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Dust-Free Bandsaw Oxford OH

Dust-free bandsaw works great and it's simple to make and use. The following article has some tips to offer to help you use your own bandsaw. So read on to get more details below.

Overhead Door Co. of Greater Cincinnati/Mooney & Moses of Ohio
(513) 346-4000
9345 Princeton-Glendale Road
Hamilton, OH

Data Provided by:
Woodcraft - Cincinnati, OH
(513) 874-6181
Gilmore Square - Next to Forest Fair Mall
Fairfield, OH

Data Provided by:
The Home Depot
(513)367-7700
400 Comfort Drive
Harrison, OH
Hours
Mon-Sat: 6:00am-10:00pm
Sun: 8:00am-8:00pm

The Home Depot
(513)671-6012
1266 Omniplex Drive
Cincinnati, OH
Hours
Mon-Sat: 6:00am-10:00pm
Sun: 8:00am-8:00pm

Whittaker-Smith Fencing
(513) 755-2779
6672 Wooden Shoe Drive
Liberty Township, OH

Data Provided by:
The Home Depot
(513)887-1450
6562 Winford Ave
Hamilton, OH
Hours
Mon-Sat: 6:00am-10:00pm
Sun: 8:00am-8:00pm

Access Door Controls
(513) 202-9116
P.O. Box 67
Harrison, OH

Data Provided by:
A-E Door Sales & Service
(513) 742-1984
1260 West Sharon Road
Cincinnati, OH

Data Provided by:
The Home Depot
(513)923-9157
3461 Joseph Rd
Cincinnati, OH
Hours
Mon-Sat: 6:00am-10:00pm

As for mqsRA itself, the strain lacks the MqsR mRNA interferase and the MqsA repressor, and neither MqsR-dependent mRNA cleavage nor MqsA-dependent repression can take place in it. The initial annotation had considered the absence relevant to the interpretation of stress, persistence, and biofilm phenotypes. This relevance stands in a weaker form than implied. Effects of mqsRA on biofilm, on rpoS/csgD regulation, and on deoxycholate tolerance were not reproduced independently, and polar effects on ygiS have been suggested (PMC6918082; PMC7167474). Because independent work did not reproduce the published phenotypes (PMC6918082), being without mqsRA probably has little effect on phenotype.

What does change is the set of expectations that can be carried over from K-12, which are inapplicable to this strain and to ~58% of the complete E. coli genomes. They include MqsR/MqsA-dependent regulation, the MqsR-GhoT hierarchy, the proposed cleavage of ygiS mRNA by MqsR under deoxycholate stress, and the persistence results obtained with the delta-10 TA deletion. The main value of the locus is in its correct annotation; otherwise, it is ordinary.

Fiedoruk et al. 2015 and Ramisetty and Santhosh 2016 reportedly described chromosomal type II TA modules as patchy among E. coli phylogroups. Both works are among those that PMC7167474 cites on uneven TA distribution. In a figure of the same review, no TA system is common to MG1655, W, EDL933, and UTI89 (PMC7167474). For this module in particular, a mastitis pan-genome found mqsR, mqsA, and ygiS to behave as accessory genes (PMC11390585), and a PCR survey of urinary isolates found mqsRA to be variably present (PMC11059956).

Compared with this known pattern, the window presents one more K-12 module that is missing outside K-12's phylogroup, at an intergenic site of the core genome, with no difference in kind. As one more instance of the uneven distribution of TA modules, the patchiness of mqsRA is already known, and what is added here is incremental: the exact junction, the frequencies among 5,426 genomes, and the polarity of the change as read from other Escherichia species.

Sun: 8:00am-8:00pm

Simpson Fence Co. Inc.
(513) 424-5110
4840 Oxford State Road
Middletown, OH

Data Provided by:
Data Provided by:

Dust-Free Bandsaw

Dust-Free Bandsaw

I replaced my bandsaw’s wimpy 1-1/2-in. dust-collection port with a shop-made shroud that makes bandsawing virtually dust-free. The secret: My shroud’s intake port is much larger (see photo and exploded view, below). Another great feature is that the big hose mounts on the back, so it’s out of the way. 

I built this shroud by improving a similar design I’d seen in an old woodworking magazine. My shroud is mounted on a steel plate that I cut to size with my angle grinder (1/4-in.-thick plywood would also work for the mounting plate). I attached this plate to the saw’s casting, using the same tapped holes that held the original port. On saws without a port, you’ll have to drill and tap a couple holes in the casting.

The shroud’s angled top allows the table to tilt. I sawed the back plywood face to match the profile of the saw. I left the front face as wide as possible. It actually extends inside the door and is cut to fit around the wheel. 

I cut a 4-in.-dia. hole in the back face and installed the sheet-metal duct. Then I attached the faces together with a length of 22-gauge galvanized sheet metal. The lip at the bottom helps keep sawdust in the shroud.

Once the shroud was mounted, I marked and cut the saw’s lower door, so it would close. I was reluctant to alter my saw by cutting the door, but I’m glad I did. This shroud makes bandsawing much cleaner and more enjoyable.


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